Tuesday, August 11, 2020

With opposition in disarray, victory has become an easy shoo-in for Masisi

The crumbling opposition has by far become the biggest prop for the governing Botswana Democratic Party.
Vice President Mokgweetsi Masisi who will be ascending the presidency early next near year will now have no reason not to focus one area that the country needs attention on; the economy.
With official opposition now on a deathbed, and all distractions swept by the wayside, Masisi can confidently climb down the high horse of politics and concentrate on creating jobs, fighting corruption ÔÇô including by the way from his inner circle and even mend Botswana’s international image which the current President has done so much to obliterate beyond recognition.
Regionally and in an ever growing pace, far afield, Botswana has fast descended into an international pariah. The circus into which attempts by foreign minister Pelonomi Venson quickly became when she tried to become Chairman of the African Union Commission, should be a quick reminder to Masisi of the strong focus he would need to invest on international relations.
The chaos that recently befell Botswana as a result of ill informed, and thankfully aborted decision to welcome the Dalai Lama of Tibet here remains vivid.
That decision will for long be a lightning rod of what promises to be stormy relations with China going forward.
Unsustainably high levels of unemployment and joblessness especially among young people that have made these youth so susceptible to be rented out for all kinds of ill pursuits, including, sadly, political thuggery by both opposition and the ruling party alike should give Masisi sleepless nights.
Our unemployment levels are not only scary, they have all the ingredients that make a civil war a reality.
A celebrated American General, James Mattis, now Secretary of Defence once told his civilian masters, “If you spend less on diplomacy, then I need to buy more ammunition.” He was painfully correct.
This in a way is what has been happening in Botswana.
Because the government is spending so much less on creating jobs, then they are bizarrely right after all to be spending so much more on weapons and arming an intelligence services that terrorizes its own people.
The bigger story however  for now remains opposition.
It is  a story of incompetence, lethargy, indolence, ineptitude and absolute failure.
Since 2014, we were told opposition, in whatever derivative was destined to take power in 2019.
Instead of working at that, they spent more time not working at winning that power, but rather at plotting among themselves at how they would divide positions and the spoils among themselves once in power.
Quite shamelessly, some of them are reported to have already gone abroad to make deals with international capital in return for offers once in power.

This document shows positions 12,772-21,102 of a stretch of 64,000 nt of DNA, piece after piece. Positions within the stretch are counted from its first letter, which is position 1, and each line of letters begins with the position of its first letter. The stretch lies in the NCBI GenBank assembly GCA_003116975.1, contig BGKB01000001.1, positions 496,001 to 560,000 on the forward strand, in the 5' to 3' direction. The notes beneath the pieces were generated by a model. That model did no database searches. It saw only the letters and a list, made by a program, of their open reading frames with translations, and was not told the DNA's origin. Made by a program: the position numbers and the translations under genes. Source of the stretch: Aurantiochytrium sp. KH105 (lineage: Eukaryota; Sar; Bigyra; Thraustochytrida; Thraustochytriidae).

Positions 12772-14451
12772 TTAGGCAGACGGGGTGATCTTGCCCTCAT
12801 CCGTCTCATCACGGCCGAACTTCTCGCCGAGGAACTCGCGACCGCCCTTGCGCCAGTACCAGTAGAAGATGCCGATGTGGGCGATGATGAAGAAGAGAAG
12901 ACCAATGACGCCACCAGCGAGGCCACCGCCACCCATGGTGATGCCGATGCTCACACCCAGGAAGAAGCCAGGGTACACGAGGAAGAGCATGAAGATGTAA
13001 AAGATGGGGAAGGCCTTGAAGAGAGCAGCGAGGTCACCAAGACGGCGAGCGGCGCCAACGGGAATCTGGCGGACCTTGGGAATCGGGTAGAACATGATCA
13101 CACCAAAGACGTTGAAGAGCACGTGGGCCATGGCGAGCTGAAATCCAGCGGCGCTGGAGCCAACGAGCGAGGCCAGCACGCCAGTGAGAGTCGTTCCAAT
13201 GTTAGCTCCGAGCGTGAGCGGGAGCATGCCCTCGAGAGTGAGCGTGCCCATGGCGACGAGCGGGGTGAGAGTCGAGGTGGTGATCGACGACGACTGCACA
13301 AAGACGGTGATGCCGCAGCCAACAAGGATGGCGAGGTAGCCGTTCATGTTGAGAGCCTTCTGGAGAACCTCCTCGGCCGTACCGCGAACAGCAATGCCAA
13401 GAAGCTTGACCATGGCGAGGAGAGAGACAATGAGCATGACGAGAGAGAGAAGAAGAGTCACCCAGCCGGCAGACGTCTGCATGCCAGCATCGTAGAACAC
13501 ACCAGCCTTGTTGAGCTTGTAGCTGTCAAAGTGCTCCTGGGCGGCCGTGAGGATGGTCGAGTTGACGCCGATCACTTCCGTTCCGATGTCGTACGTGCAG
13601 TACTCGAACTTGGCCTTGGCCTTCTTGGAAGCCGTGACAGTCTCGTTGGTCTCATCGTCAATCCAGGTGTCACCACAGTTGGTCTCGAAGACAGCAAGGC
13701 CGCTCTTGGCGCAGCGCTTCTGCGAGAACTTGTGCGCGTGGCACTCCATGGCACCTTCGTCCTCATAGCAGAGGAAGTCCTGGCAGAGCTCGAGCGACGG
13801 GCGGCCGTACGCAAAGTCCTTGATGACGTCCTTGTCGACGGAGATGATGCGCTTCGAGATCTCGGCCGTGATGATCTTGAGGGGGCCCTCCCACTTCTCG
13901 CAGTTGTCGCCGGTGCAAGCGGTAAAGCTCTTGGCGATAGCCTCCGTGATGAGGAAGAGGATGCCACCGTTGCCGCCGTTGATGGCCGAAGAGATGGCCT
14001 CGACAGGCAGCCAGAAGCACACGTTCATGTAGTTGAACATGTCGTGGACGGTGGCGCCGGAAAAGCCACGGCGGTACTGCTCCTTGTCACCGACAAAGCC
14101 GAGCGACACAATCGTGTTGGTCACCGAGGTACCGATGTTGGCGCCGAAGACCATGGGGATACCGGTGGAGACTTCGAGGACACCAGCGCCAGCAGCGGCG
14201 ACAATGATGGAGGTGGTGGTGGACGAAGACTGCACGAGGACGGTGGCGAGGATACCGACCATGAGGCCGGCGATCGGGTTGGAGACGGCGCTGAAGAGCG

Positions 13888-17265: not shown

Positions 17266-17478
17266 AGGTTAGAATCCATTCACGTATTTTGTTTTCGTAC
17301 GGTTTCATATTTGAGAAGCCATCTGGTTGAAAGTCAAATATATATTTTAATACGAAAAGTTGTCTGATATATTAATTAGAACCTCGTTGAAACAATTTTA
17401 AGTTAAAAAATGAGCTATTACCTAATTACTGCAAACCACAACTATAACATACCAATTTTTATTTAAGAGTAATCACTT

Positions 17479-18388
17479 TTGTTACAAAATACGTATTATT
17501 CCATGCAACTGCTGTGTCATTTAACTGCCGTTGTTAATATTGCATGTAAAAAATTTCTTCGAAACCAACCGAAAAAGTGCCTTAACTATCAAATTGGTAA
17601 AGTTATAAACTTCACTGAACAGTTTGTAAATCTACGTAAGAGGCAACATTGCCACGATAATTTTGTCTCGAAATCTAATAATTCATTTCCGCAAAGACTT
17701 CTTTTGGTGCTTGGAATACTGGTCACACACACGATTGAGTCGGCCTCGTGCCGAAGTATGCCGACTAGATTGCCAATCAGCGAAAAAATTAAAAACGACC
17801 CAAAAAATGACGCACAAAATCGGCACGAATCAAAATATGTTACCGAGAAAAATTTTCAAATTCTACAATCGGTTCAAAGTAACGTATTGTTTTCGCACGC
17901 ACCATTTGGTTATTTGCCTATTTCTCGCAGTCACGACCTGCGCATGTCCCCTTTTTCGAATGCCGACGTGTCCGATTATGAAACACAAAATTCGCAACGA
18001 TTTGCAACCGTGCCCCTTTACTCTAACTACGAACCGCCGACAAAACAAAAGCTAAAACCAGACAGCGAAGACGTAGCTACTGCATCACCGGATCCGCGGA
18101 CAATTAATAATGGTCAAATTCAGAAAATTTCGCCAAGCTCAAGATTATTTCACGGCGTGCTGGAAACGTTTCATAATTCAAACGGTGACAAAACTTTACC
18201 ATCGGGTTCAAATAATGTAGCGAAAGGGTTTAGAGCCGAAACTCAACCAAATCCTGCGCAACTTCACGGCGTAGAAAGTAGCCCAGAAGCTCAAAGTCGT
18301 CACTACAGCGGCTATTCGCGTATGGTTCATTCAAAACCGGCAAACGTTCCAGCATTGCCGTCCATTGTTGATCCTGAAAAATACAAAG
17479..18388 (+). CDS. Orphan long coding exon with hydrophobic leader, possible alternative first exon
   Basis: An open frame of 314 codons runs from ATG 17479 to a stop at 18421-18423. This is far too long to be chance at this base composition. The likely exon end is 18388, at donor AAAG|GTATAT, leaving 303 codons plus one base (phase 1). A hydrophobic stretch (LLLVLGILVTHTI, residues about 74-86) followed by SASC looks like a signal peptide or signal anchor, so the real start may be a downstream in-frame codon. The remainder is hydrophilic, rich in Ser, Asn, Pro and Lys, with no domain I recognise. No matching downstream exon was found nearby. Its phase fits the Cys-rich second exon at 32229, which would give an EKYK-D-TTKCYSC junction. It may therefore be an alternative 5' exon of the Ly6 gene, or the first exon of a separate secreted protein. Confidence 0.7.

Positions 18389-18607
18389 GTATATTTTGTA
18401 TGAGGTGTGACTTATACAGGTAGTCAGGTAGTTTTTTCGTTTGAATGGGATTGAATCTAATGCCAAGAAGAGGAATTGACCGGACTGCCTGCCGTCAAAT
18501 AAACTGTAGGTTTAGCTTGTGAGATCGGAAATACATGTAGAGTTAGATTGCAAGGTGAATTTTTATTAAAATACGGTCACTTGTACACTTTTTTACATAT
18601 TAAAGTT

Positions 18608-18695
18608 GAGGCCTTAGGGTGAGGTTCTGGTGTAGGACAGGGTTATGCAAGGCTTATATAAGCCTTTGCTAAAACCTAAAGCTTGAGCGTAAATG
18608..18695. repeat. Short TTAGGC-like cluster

A coalition that had been painstakingly put together by selfless people almost all of who had no direct interest in laying their hands on power has overnight been torn asunder by a small cluster of political journeymen with no inkling of what public duty means other than use of politics for self-enrichment.
This disintegration of opposition has no doubt caused distress among the well meaning multitudes of goodwill who were told and believed a change of Government would bring better things.
The vehicle that was supposed to be used for that change of power has now become dysfunctional, irredeemably so, one might add.
This has of cause mortified many people who had wanted to give opposition a chance at the wheels of power.
Ahead of the 2014 General Elections opposition prided itself about talking more about creating jobs for the young people, fighting corruption, improving worker’ conditions and overhauling the country’s collapsed education system.
Now in total disarray, that same opposition does not talk anymore about those issues.
Rather, more and more time is spent planning against one another within the same opposition ranks.
Gossip rather than public policy pronouncements now occupies centre stage.
If they are not busy with gossip, time is wasted fighting those in the media who dare to hold them accountable.
In a very sad way the opposition has become a shadowy of their pre-2014 self.
For a majority of opposition Members of Parliament, acceptance that prospects for a change of Government has been squandered by their own leaders has been painful enough.
They know so well that they will not only be expected to take a full share of responsibility for a squandered revolution, but also that they will be among the chief casualties.
This week one of them, Isaac Davids jumped ship.
In despair he joined the ruling party ranks.
Prior to his defection, Davids had for months been asking for a meeting with his political leaders.
But they were too busy for him.
Only God knows what they were busy doing.
Distressing as that might sound, even then, that is only just half the story.
The story can only be complete if one begins to talk about an already widespread sense of betrayal that the public is feeling.
Whatever the excuse they might proffer ÔÇô and already there are many such excuses and indeed scapegoats, the opposition, by whatever name they prefer to call themselves know that they have let this nation down. What they have done is unpardonable. If they cannot run their affairs as a party in opposition, how then can they be trusted to run a country and government!
For now they are crafting their skills at becoming masters of the blame game.
Some of us in the media are top there as targets for the ensuing blame game.
The truth though is that opposition was given too much benefit of doubt than they could have deserved.
Much of the trust we gave them, they had not earned.
Their mistake was to think such goodwill was unconditional or infinite.



Read this week's paper

Sunday Standard August 9 – 15

Digital copy of Sunday Standard issue of August 9 - 15, 2020.